Leopard (Panthera pardus) - Wiki
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[Photo] Photo taken by Sandra Fenley of an African Leopard while on safari in Africa (Kenya).
The Leopard (Panthera pardus) is one of the four 'big cats' of the genus Panthera. Originally, it was thought that a leopard was a hybrid between a lion and a panther, and the leopard's common name derives from this belief; leo is the Greek and Latin word for lion (Greek leon, λ??ων) and pard is an old term meaning panther. In fact, a "panther" can be any of several species of large felid. In North America, panther means puma and in South America a panther is a jaguar. Elsewhere in the world a panther is a leopard. Early naturalists distinguished between leopards and panthers not by colour (a common misconception), but by the length of the tail - panthers having longer tails than leopards.
The leopard is the fourth largest of the "big cats" in the world with the jaguar, lion and tiger being larger and the fifth largest of all cats with Pumas being slightly larger. Leopards range in size from one to just over two metres (6.5 ft) long, and generally weigh between 30 and 70 kg (65???155 lb). Some males may grow over 90 kg (200 lb). Females are typically around two-thirds the size of males. For its size, the leopard is the most powerful feline in the world next to the jaguar. Leopards tend to be the apex predator in areas where bigger competitors do not occur, especially lions and tigers. This explains why the leopards in areas such as the African rainforests or Sri Lanka are larger than leopards elsewhere.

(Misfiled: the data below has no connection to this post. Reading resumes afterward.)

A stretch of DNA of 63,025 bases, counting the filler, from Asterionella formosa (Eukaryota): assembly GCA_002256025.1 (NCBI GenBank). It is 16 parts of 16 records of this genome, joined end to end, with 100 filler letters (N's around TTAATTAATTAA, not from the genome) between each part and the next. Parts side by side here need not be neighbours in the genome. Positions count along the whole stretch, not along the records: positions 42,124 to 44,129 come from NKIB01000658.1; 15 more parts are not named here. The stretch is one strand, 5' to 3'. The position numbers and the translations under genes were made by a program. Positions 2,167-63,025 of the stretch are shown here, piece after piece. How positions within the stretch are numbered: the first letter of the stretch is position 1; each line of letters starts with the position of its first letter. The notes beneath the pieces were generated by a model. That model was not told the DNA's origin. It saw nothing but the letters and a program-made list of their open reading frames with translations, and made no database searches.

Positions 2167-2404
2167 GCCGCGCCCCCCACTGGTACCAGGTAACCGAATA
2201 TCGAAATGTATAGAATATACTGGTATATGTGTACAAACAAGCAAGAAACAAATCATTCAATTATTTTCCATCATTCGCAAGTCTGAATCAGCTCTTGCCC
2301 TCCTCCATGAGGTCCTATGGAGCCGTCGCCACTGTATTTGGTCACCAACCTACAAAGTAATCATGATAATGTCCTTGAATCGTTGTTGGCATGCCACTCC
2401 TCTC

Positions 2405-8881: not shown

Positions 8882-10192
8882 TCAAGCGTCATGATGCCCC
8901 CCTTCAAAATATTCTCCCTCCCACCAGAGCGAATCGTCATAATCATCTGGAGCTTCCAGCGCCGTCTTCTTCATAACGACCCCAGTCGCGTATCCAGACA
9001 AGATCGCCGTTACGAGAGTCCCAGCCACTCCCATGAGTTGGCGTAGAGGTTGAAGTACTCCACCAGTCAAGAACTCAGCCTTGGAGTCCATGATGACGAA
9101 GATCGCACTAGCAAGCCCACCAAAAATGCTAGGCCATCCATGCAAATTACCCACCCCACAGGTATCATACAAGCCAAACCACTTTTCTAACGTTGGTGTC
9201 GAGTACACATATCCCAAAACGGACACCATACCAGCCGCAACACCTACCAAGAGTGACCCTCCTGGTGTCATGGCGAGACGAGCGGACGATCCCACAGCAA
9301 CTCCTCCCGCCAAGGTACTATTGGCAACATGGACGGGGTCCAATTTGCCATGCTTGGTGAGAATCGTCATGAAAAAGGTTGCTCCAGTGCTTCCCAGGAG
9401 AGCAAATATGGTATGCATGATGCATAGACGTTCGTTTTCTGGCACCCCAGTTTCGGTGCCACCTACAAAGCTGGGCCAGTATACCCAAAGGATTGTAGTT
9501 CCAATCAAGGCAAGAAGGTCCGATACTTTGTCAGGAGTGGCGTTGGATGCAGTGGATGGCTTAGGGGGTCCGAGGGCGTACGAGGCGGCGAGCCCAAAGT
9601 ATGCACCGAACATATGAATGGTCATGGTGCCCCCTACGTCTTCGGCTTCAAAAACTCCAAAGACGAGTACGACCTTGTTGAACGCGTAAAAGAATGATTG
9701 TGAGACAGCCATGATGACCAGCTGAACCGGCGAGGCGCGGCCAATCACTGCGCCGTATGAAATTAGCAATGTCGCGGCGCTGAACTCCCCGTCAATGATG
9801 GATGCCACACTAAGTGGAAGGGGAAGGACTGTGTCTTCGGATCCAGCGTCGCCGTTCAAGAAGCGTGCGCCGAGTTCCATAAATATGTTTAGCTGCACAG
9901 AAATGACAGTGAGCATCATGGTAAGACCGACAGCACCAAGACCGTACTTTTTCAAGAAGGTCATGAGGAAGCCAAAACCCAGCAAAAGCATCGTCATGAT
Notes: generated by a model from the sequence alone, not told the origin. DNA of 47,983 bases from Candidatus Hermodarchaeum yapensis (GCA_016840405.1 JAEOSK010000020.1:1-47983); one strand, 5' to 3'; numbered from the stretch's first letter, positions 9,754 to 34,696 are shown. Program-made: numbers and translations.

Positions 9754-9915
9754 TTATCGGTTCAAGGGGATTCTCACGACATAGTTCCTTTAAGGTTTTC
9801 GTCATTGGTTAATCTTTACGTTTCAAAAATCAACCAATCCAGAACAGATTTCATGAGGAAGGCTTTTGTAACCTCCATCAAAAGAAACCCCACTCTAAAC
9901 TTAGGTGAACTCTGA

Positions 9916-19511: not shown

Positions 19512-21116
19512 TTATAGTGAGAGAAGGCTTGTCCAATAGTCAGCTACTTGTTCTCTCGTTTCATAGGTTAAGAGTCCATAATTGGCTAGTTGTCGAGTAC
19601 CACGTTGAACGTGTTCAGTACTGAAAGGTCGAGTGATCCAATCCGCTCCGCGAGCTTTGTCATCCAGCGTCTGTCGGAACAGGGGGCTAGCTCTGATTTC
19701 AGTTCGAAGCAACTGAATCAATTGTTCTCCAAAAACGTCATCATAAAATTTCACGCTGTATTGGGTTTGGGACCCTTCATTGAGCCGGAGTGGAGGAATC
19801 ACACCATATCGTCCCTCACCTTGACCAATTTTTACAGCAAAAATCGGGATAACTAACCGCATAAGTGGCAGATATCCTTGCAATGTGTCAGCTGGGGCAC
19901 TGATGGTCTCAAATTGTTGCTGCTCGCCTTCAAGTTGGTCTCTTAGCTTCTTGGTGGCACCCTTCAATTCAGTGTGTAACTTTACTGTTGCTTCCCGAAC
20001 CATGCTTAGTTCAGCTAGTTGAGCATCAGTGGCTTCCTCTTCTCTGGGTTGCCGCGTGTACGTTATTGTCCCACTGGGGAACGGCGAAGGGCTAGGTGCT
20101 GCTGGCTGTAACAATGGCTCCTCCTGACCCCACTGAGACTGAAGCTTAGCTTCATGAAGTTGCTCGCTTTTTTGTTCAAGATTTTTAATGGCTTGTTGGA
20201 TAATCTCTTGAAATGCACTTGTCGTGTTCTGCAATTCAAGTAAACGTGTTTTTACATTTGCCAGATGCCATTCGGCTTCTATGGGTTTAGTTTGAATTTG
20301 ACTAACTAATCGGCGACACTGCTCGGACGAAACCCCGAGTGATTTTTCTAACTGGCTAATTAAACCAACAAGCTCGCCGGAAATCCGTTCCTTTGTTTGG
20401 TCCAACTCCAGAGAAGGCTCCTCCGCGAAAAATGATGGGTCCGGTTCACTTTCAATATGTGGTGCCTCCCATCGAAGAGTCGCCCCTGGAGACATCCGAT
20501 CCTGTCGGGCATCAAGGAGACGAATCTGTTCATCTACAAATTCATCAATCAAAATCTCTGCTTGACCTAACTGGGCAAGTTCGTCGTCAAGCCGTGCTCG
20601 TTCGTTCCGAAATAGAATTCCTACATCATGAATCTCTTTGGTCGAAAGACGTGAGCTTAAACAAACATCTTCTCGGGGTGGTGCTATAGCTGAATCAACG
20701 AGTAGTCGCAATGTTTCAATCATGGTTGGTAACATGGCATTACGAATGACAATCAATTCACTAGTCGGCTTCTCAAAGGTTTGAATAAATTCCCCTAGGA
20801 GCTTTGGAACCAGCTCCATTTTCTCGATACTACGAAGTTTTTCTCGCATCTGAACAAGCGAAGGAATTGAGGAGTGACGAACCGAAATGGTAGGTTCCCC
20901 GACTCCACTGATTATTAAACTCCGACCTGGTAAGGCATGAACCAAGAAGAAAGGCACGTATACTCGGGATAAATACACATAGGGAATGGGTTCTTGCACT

Most leopards are light tan or fawn with black rosettes, but their coat color is highly variable. There are smaller rosettes and spots on the head.
The big cats, especially the spotted cats, are easy to confuse for those who see them in captivity or in photographs. The leopard is closely related to, and appears very similar to, the jaguar; it is less often confused with the cheetah. The ranges, habitats, and activities of the three cats make them easy to distinguish in the wild.
Since wild leopards live only in Africa and Asia while wild jaguars live only in the Americas, there is no possibility of confusing them in the wild. There are also visual markings that set them apart. Leopards do not have the spots within the rosettes that jaguars always have, and the jaguar's spots are larger than the leopard's (see the photographs in jaguar). The Amur leopard and the North Chinese leopard are occasional exceptions. The leopard is smaller and less stocky than the jaguar, although it is more heavyset than the cheetah.
Besides appearance, the leopard and jaguar have similar behavior patterns. Jaguars can adapt to a range of habitats from rainforest to ranchlands while leopards are even more adaptable ranging in from deserts and mountains, savanna and woodlands.